.
December 4th, 2008
11:40 AM ET

Where the rubber meets the road – Automakers, welcome back to Congress

Andrew Torgan
CNN Financial News Producer

The CEOs of General Motors, Ford and Chrysler are back on Capitol Hill this morning, explaining why they believe their companies should get federal assistance. Each of the companies unveiled plans Tuesday that detailed how they would plan to return to profitability if they get federal loans. They also upped the amount they are seeking from $25 billion to as much as $34 billion

If you opened the New York Times this morning you might have noticed a full-page ad taken out by the United Auto Workers Union with the message: "We are not bankers." The ad goes on to say "We don't work on Wall Street or for big insurance companies. We build quality cars and trucks. But we've been hit with the same financial crisis." It goes on to talk about how many thousands of other businesses would collapse and millions of other workers that would lose their jobs if the Big Three go under. Check out CNNMoney.com's report: "Who Can Save Detroit?"

Lots of job cuts announced this morning – more than 22,000 of them. AT&T is cutting 12,000 – or 4% of its total workforce. Entertainment giant Viacom is cutting 850 jobs. Swiss Bank Credit Suisse is cutting 5,300 jobs. Money manager State Street is cutting up to 1,800 jobs. Chemicals giant DuPont is cutting 2,500 jobs.

All that is overshadowing the fact that new claims for jobless benefits fell unexpectedly last week, although the number of people continuing to claim benefits reached a 26-year high. Initial claims for unemployment insurance dropped to a seasonally adjusted 509,000 last week, from an upwardly revised figure of 530,000 for the previous week. But the number of people continuing to claim unemployment benefits last week reached 4.09 million, the highest level since December 1982, when the economy was in a steep recession. And Friday morning, of course, we'll get the government's employment report for November. We're expecting job losses there of 325,000 – bringing total losses for the year above 1.5 million.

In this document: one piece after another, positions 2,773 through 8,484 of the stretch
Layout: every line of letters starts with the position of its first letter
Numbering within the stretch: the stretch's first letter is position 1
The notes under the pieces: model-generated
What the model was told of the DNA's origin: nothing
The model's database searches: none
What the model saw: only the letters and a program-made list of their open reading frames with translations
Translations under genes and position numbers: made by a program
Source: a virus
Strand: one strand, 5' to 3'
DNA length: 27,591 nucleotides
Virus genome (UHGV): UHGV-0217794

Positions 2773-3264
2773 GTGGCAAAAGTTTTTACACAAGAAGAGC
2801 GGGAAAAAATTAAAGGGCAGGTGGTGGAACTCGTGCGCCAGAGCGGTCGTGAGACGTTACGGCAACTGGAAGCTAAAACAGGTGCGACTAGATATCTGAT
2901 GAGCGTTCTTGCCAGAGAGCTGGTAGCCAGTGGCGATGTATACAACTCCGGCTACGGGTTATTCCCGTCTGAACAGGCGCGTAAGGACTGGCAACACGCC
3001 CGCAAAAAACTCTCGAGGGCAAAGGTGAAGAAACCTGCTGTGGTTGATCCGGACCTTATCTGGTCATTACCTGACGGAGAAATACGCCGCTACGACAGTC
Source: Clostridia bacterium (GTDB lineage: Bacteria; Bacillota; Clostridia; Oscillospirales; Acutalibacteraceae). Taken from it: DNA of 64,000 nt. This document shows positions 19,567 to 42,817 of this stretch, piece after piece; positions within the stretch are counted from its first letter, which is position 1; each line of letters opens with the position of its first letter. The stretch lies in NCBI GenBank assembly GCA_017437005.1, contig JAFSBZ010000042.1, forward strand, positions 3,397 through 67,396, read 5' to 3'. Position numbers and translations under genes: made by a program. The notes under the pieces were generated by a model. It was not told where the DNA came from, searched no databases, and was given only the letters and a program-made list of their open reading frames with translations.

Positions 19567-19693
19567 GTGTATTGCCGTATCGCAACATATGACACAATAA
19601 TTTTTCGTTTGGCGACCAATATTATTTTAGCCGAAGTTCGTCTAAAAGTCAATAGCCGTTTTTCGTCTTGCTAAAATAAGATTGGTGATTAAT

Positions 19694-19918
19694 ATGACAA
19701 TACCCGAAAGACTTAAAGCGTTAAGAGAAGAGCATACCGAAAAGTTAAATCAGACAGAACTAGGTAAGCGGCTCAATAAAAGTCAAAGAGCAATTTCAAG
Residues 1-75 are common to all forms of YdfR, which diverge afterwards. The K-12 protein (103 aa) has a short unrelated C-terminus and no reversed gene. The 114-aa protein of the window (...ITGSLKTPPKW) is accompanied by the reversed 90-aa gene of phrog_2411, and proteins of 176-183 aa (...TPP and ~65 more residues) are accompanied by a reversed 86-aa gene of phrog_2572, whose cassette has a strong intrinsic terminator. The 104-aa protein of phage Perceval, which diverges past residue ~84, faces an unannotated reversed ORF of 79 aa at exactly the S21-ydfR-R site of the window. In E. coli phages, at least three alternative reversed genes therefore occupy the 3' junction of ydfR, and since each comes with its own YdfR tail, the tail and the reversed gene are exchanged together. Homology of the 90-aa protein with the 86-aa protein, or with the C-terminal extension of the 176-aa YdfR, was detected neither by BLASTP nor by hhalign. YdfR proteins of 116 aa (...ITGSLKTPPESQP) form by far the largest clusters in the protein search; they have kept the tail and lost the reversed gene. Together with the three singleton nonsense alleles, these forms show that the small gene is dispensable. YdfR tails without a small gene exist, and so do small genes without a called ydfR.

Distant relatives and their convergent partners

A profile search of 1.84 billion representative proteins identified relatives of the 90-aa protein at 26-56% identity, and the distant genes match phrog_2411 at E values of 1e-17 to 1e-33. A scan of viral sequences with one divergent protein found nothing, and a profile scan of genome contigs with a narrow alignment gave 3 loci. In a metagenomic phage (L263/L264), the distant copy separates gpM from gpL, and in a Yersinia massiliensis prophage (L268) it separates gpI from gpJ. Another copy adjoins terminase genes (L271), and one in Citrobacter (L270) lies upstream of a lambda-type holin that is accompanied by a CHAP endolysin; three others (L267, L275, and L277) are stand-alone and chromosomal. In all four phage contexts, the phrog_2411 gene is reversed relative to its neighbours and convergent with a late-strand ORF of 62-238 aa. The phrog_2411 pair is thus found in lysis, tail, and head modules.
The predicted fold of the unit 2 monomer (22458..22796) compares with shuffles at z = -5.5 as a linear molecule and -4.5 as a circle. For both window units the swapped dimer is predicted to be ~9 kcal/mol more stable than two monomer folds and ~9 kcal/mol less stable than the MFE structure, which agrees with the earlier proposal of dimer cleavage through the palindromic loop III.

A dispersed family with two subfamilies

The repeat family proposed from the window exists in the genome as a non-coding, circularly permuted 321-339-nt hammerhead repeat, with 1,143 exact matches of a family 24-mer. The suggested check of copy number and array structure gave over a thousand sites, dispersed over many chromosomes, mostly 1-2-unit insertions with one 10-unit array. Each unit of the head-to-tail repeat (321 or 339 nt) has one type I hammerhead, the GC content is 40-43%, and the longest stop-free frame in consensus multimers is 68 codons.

The Treasury Dept. is mulling a plan to lower mortgage rates to 4.5%. A source tells CNN that lobbyists are pushing Treasury to consider a plan to purchase mortgage-backed securities in the hopes of driving mortgage rates to that level. Similar to an effort unveiled last week by the Federal Reserve, the proposal calls for Treasury to buy securities backed by 30-year fixed-rate mortgages from Fannie Mae and Freddie Mac. Details on the plan remain sketchy, but an announcement could come as early as next week, the source said. We'll be examining what it means for homeowners. How much will it help? And will it improve the distressed housing market?

Stocks on Wall Street opened lower this morning as investors reacted to all those job cuts, and have since bounced into positive territory, for now.

Fears of a global economic meltdown prompted two European central banks to slash their key interest rates today in attempts to stem the recession. The Bank of England cut its rate to 2% from 3%, and that followed a reduction of 1.5 percentage points to 3.0% on Nov. 6. The Bank of England has never set its rate below 2%. It was last at 2% in 1951. The European Central Bank, which governs monetary policy in 15 countries, cut its key lending rate by 0.75% to 2.50%.

Wal-Mart reported November sales numbers that trounced expectations this morning as the discounter continues to gain market share from its rivals in a worsening economy. Wal-Mart, the world's largest retailer, said its same-store sales, or sales at its stores open at least a year, rose 3.4%, beating its own forecast for a 1% to 3% increase in the measure for the month. Analysts had expected the retailer to log a 2% sales increase for the month, which also included sales on Black Friday.

Gas prices fell 1.4 cents to $1.789 a gallon. That's the 78th consecutive decrease. According to AAA, the last time the national average price for a gallon of regular unleaded gasoline was near the current price was January 12, 2005, when the national average was $1.789.

Oil prices are hovering around $46 a barrel, a 3-1/2 year low.